The Duel

A quick look around the lake revealed eighteen mainsails drifting about so finding an opponent wouldn’t be difficult.  Even sailors cruising for an afternoon scarcely pass on a race.  I can only compare it to two teenage drivers stopped at a traffic light.  Though only casual glances are exchanged there’s a scamper to the next light.  The winner sports a grin and the looser beats his palm against the dash.  Sailing is a complicated game that combines technical, strategic, physical and social challenges. We tacked into the wind with our J34 and noticed another vessel, a J24 Severe J piloted by a husband and wife, one hundred yards off starboard doing the same.  Though no words were spoken and glances too far away to be noticed, everyone knew it – the race was on!

Suddenly, our previously calm sailboat became a cacophony of sounds and movements.  The lines cranked through their housings, the sail fluttered, the boom clanked and everyone on board shifted position.  I think you use every muscle in your body to pull the jib line on the other side.  You constantly watch how the sails react to the wind and make adjustments as needed. Sailing upwind is similar to driving a car up a mountain; you have to zigzag through the water, which is called tacking.  Every time you tack it involves changing the position of the sails.  Knowing when to tack and the time it takes to accomplish a tack is where races of this nature are won and lost.  We coaxed the sails from one side of the boat to the other, working as a team as we glided through the water.  The wind was coming out of the south with heavy gusts on the leading and trailing edge.

The adrenaline was flowing and our performance was at its apex.  We were holding the boat pretty deep, keeping her balanced as we stood on the high side and tried to keep the rudder planted.  By the end of the first leg we were ahead by two boat lengths – a fair distance for our makeshift racecourse.  Our skipper instructed us to prepare the spinnaker and to wait for his command to “fall off”.  Turning the sailboat away from the wind is to fall off or bear away.  Turning into the wind is to head up or harden up.  We were waiting to fall off while preparing the spinnaker.  In that moment gear is flying everywhere.  Now was our chance; the tactic we rehearsed all morning, the most important maneuver of this race, was being deployed.  The command to “fall off” came from the helm and everyone leaped into action.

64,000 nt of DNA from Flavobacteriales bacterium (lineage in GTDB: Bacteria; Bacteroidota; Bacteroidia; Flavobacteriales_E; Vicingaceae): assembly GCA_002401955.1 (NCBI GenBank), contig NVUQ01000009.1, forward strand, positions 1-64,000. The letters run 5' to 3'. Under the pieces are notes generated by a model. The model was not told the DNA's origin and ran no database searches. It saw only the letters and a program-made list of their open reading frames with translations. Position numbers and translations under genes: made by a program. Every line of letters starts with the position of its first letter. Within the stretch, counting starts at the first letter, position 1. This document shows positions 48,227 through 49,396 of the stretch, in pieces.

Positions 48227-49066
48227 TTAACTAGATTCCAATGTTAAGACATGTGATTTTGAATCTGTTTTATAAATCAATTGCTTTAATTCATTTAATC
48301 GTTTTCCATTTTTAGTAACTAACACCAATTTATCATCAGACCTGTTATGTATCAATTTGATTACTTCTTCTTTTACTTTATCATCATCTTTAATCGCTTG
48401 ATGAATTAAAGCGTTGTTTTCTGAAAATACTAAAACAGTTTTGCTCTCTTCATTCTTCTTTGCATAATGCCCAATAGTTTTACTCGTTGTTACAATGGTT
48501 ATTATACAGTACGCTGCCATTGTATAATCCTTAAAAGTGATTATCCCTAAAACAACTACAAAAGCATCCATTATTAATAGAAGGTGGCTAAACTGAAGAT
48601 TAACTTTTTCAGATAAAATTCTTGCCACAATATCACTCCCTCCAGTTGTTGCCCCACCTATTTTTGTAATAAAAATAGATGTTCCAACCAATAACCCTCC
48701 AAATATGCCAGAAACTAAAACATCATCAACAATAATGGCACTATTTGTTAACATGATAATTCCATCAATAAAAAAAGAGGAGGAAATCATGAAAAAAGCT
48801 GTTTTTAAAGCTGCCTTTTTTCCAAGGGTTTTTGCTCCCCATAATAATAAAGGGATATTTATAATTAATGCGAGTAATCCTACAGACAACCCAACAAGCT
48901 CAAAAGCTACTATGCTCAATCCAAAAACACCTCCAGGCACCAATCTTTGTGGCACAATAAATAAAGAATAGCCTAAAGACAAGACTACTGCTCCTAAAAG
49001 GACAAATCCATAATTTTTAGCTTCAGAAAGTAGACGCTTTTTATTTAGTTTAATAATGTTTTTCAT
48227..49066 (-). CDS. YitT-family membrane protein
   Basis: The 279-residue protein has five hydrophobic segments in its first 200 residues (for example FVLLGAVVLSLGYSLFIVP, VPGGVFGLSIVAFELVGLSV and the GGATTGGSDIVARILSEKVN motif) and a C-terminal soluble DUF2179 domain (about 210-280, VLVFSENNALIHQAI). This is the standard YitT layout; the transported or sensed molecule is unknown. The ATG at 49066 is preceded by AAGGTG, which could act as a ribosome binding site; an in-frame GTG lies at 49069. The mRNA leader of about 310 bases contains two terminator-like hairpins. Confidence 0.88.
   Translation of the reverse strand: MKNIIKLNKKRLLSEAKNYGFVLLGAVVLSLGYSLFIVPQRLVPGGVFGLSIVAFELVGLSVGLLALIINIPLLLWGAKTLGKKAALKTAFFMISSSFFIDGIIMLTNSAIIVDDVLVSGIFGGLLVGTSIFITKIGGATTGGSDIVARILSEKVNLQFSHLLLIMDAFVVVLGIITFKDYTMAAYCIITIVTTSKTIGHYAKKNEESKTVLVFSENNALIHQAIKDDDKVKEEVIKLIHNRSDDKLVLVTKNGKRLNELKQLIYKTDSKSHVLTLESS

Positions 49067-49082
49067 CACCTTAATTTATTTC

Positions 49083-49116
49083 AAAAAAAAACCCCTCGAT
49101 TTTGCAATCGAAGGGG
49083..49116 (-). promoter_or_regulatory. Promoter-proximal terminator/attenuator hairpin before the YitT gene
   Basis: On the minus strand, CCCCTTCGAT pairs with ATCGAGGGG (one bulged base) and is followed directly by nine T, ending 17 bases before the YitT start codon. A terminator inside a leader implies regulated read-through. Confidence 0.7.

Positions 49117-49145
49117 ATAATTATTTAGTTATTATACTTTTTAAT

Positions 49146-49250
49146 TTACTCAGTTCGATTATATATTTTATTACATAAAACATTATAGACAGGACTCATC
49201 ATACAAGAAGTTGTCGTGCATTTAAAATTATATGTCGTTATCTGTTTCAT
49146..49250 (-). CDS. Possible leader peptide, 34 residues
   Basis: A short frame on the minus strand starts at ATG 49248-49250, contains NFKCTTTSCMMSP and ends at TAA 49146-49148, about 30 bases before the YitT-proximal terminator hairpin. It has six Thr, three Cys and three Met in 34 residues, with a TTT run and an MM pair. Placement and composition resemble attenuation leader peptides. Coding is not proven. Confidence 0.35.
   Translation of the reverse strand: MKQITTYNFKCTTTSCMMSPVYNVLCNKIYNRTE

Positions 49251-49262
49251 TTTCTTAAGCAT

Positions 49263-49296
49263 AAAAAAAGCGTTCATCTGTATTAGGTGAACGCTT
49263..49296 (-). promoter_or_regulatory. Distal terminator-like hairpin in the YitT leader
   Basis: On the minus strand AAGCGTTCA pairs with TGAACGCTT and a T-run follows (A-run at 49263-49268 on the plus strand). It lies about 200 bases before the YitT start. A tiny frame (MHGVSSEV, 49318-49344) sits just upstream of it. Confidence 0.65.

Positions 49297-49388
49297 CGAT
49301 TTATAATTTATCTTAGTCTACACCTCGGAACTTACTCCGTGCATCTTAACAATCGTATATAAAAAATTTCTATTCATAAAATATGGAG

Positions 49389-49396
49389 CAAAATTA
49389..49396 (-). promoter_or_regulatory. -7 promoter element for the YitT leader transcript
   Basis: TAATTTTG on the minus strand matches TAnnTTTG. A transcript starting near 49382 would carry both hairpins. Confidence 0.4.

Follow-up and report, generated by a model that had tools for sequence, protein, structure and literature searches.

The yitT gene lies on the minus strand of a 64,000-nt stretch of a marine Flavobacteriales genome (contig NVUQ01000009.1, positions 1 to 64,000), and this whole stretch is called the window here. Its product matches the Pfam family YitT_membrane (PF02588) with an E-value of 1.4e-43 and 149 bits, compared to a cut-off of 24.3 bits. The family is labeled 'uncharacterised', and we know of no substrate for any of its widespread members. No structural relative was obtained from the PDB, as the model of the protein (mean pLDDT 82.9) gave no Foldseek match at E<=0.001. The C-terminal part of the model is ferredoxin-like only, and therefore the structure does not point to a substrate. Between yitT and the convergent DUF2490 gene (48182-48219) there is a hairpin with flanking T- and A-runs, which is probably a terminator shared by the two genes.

Something went wrong.  Honestly I cannot even recall what it was.  What populates my memory is the emotional and physical let down we all felt when we looked up and saw our previously behind adversary now five lengths in front with a full head of wind stretching their spinnaker.  We were devastated.

No fingers pointing.  No blame cast…just the reassuring voice of our skipper reminding us that this race was not over. We got back to work and quickly noticed we were gaining on them.  Once the spinnaker flies it must be carefully trimmed to be effective. To trim the spinnaker properly, the first requirement is setting the pole at the right height and correct angle to the wind. The correct height is when both clews are at the same level and the pole is horizontal.  The corner with the sheet attached will rise and fail with varying wind strength. The pole must be raised or lowered to put the other clew at the same height. With the vertical trim of the pole correct, the next task is to work on horizontal trim. The best way to do this is to keep the pole perpendicular to the wind direction. Some skippers even put telltales in the middle of the pole to obtain an accurate reading.  Our kite was trimmed perfectly and we hoped we had enough real estate on this leg to stretch out ahead.

We gnawed at our opponent’s tail for several minutes getting closer with every bite.  Within a couple hundred yards from where this challenge first started we slipped past our competitor.  We cheered and they took pictures.  It felt awesome; teamwork and determination paid off.  We won our first official non-official race.  We were one win – zero loses.  In retrospect, the inequality of the boats and crews really made this an unfair contest.  But, it was still fun!

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